Mantel's Thomas Cromwell
3 Oct 2013      Books 
Mantel's Thomas Cromwell
     3 Oct 2013      Books 
 
 
 

I have a habit of devouring books a little too readily so in an attempt to slow down I'm make notes about what I like or dislike about the books I read. I'll start with my first exposure to historical fiction, Mantel's Wolf Hall.

Winning a Booker prize for each of the first two volumes in a trilogy is no mean feat, but Hillary Mantel pulled it off. Wolf Hall and Bring Up the Bodies are volumes one and two of her Thomas Cromwell trilogy -- volume three has yet to be published.

Thomas Cromwell, born in 1485, served King Henry VIII from 1532 to 1540. Wolf Hall covers Cromwell’s rise from lower-class ruffian to Henry's queen-replacement strategist. By the end of its 600 pages, Cromwell is successful: with the creation of a new church (with Henry at its head) and a few tortures and executions along the way, Katherine is gone and Anne is the new queen. 

Volume two, the darkly-titled but less violent Bring Up the Bodies, is one-third shorter and is easier to read because the author has addressed Wolf Hall's confusing usage of the word "he." In Wolf Hall the author seems to shift subject, often in mid-paragraph, causing the reader to pause in wonder as to who "he" is. (Keep this in mind: he is almost always Cromwell). In Bring Up the Bodies, Mantel replaces "he" with the awkward "he, Cromwell".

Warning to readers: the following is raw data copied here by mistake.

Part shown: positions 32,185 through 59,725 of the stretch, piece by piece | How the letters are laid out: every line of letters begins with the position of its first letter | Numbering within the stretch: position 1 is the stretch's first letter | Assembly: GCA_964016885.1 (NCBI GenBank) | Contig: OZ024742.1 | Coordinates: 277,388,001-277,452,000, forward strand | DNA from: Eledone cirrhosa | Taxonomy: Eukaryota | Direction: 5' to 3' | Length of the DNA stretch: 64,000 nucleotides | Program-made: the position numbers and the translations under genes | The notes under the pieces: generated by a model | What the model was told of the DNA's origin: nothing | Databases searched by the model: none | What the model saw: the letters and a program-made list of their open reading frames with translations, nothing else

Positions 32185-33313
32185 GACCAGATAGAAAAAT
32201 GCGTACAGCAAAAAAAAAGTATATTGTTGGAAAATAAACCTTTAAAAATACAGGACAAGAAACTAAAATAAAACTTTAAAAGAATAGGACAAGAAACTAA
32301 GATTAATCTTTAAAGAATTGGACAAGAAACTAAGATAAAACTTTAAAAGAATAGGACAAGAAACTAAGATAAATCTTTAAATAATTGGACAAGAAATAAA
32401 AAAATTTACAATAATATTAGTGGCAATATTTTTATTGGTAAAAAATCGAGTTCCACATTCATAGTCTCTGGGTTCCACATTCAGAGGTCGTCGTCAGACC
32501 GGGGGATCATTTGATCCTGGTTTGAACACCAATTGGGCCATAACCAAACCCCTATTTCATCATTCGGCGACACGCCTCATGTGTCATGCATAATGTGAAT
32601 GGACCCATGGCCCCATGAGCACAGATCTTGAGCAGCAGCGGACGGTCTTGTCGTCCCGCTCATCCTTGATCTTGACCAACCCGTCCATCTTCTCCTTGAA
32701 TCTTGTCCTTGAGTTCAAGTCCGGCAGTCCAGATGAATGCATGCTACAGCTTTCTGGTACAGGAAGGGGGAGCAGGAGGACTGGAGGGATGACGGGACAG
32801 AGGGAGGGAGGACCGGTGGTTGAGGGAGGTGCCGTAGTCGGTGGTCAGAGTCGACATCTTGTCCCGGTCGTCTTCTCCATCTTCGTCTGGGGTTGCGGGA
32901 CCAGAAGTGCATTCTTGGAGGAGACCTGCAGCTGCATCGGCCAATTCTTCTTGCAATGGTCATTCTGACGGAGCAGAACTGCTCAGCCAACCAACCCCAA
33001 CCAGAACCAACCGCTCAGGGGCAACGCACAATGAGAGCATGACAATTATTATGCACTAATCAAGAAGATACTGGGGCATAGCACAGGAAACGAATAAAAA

Despite its length and odd third-person usage, Wolf Hall is far more satisfying. My copy is peppered with pencil markings, something I can’t say for Bring Up the Bodies. Wolf Hall is funny and trenchant and shocking. Unfortunately Mantel seems to have exhausted her store of observations about life in the time of Henry by the end of the first volume. Plus, Henry's battle with the pope and his minions to annul the marriage provides much of the interesting material in the story of Henry and his wives.

But volume two still has plenty to keep the reader's interest. For example, shortly before her death, Katherine reportedly confides that she may have made a mistake by not acceding to Henry’s desire. Imagine how history would have taken a different path, how many lives would have been saved, from commoners to bishops to members of the court. Henry didn't hesitate to torture and then kill those who opposed his marriage to Anne. How different would England be now had it not broken with Rome?

The books are largely written as discussions between Cromwell and his circle, which includes everyone from King Henry to the cook and the jester. He has friends but he also has enemies. Again and again he is faced with small and large decisions, and Cromwell always decides based on what is best for Henry. Because if Henry is happy, Cromwell is happy.

Both books are wonderful immersions into the life of a historical figure. But if you can only spare the time for one, read Wolf Hall.